Community Conversations: C-U Citizens for Peace and Justice
Members of Champaign-Urbana Citizens for Peace and Justice (CUCPJ) meet every Saturday at 4pm in the Independent Media Center at 202 South Broadway Avenue in Urbana.
On Thursday night, a small group of CUCPJ’s leaders talked with Illinois Public Media’s Scott Cameron about their goals and accomplishments.
As the name implies, the group has an ambitious agenda. Members lamented a society of parallel realities and parallel justice systems: “One for people of color, one for white people. Poor people, and people of means. Working class people, and people associated with the University.”
When asked what kind of community they hoped to build, one CUCPJ founder pointed to the small community they’d formed already as an example. Diversity, honesty and equality have been the foundation of the group since its inception in 2004. CUCPJ was created, as one member put it, by an unusual collaboration between “an African American couple and two queers,” all of whom, she says, work together to build a community of respect and cultural diversity.
“I want democracy,” one woman said, which she defined as, “having the information we need to participate in the decisions that affect our lives; that we can see the consequences of our participation; and based on that we can change our minds about how we want to participate.”
That ideal can seem elusive. One African-American member worried that the only way to reach true equality is for those white people who feel superior and reap many of society’s privileges to give up some of those privileges, something he’s not sure will happen in the short term.
Another member, an African-American woman who works with families in the criminal justice system, described a “state of siege” for many black families. Mothers, she says, too often live in fear that the courts will break up their families over any range of allegations of abuse.
Their mission, according to the website, is to strive “for a non-violent community in which community members eschew violence against others, and the police treat all people equally, and use the minimum force necessary to carry out their duties.”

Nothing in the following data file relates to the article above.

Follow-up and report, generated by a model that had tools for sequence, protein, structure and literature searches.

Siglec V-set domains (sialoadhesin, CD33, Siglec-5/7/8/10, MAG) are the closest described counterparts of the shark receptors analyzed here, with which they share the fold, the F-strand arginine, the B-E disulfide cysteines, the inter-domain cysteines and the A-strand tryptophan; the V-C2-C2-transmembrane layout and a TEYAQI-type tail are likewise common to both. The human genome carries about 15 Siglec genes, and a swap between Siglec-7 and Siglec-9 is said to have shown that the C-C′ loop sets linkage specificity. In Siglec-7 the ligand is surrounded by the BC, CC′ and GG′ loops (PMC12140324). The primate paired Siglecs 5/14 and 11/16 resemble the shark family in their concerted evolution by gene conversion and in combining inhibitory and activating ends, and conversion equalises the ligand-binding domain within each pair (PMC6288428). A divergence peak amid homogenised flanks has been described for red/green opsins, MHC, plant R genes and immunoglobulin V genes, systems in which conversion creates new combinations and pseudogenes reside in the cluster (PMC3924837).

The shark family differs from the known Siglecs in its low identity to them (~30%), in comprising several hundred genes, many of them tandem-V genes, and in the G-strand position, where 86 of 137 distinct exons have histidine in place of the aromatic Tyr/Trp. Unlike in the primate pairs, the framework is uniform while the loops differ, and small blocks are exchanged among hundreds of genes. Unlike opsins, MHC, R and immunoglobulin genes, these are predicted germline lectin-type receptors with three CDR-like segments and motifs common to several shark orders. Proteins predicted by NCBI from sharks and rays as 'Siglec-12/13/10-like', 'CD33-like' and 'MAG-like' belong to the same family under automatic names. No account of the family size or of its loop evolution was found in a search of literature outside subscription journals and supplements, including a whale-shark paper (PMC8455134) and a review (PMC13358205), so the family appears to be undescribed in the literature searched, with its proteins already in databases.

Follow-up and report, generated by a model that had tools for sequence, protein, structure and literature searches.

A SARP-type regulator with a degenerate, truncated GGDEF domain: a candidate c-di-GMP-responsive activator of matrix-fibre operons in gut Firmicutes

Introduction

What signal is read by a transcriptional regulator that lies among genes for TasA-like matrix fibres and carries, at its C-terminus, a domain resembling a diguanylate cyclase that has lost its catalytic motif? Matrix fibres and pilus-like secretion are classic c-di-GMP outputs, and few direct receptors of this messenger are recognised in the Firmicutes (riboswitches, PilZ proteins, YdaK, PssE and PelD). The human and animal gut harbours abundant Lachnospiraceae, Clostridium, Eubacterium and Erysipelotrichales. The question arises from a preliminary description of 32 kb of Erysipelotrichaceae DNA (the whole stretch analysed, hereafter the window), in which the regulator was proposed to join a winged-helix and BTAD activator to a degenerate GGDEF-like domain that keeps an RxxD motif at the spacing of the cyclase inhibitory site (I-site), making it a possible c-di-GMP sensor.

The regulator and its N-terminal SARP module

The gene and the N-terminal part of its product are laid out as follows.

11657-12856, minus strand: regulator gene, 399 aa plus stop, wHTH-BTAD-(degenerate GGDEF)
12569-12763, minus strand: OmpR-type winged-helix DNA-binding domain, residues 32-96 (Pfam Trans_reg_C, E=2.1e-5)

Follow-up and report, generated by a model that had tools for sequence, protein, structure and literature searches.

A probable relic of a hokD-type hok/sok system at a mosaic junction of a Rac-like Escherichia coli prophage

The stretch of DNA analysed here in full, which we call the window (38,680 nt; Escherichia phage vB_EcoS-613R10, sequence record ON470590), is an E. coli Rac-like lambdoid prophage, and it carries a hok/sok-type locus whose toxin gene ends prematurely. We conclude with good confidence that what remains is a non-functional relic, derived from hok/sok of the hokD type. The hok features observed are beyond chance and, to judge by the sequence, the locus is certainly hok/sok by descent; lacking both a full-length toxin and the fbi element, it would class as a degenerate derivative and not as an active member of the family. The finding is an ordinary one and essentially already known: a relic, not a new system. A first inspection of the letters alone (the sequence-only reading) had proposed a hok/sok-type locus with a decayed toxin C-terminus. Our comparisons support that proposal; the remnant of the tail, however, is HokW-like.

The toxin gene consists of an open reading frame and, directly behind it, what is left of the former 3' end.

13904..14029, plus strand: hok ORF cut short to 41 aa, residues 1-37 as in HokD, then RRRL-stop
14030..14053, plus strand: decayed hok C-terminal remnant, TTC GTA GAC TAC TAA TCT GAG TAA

Another founder of the group described her work as citizen journalism. She, like many other members, spends time investigating allegations of police brutality, racial profiling and discrimination in county courtrooms, streets and jails.
Often, those efforts succeed. Over the years, CUCPJ campaigns have ended the acquisition of tasers in Champaign, organized “Forgiveness Weekend” to stop felony disenfranchisement and documented a series of cases of alleged police brutality against unarmed residents.
Most of CUCPJ’s work focuses on the criminal justice system. The group wants to see a racial justice task force in Champaign County to better understand the roots of violence and injustice, from local policing to sentencing. Several members pointed to this week’s assessment of the county’s jail and justice system by an outside consultant as an example of the difficult questions that must be asked. The report, among other points, suggests finding alternatives to jail time for low-level offenders and says the county should be more concerned about who’s being locked up than building new jails.
CUCPJ’s Women in the Jail workgroup continues to push for parent-child contact visits at the county jail. That workgroup also remains committed to keeping children with their families, except in clear cases of abuse or neglect.
The group also points to racial profiling in traffic stops as a key issue. They continue to push to “ban the box” which refers to the question on many employment applications asking to check a box if you’ve ever been convicted of a felony. Members are also rallying to prevent an expansion of the jail facilities and instead spend more money on alternatives to jail and increased funding for public defenders. One member asked why more people aren’t talking about the remarkably high unemployment rate among young, black men. In a handout, CUCPJ compiled a lengthy “History of Police Misconduct in Champaign” and several pages of “Statistics on Racial Disparities in Champaign County.”
One CUCPJ founder says the group sometimes gets a bad rap as being anti-police. “What we want is fairness,” he said. “We fought for transparency and for police to be treated the same way as civilians when they violate the law.”
“It’s taken 10 years,” he said, “but we brought to the community some very difficult conversations.” And he added, “we’ve created an understanding that we are not in passing. We are powerful.”
“We’ve been conditioned to not like, to not trust those who aren’t like us,” he said. But, “when we work together … we know that it’s right, it’s just and it’s needed and it’s going to serve the interests of everybody.”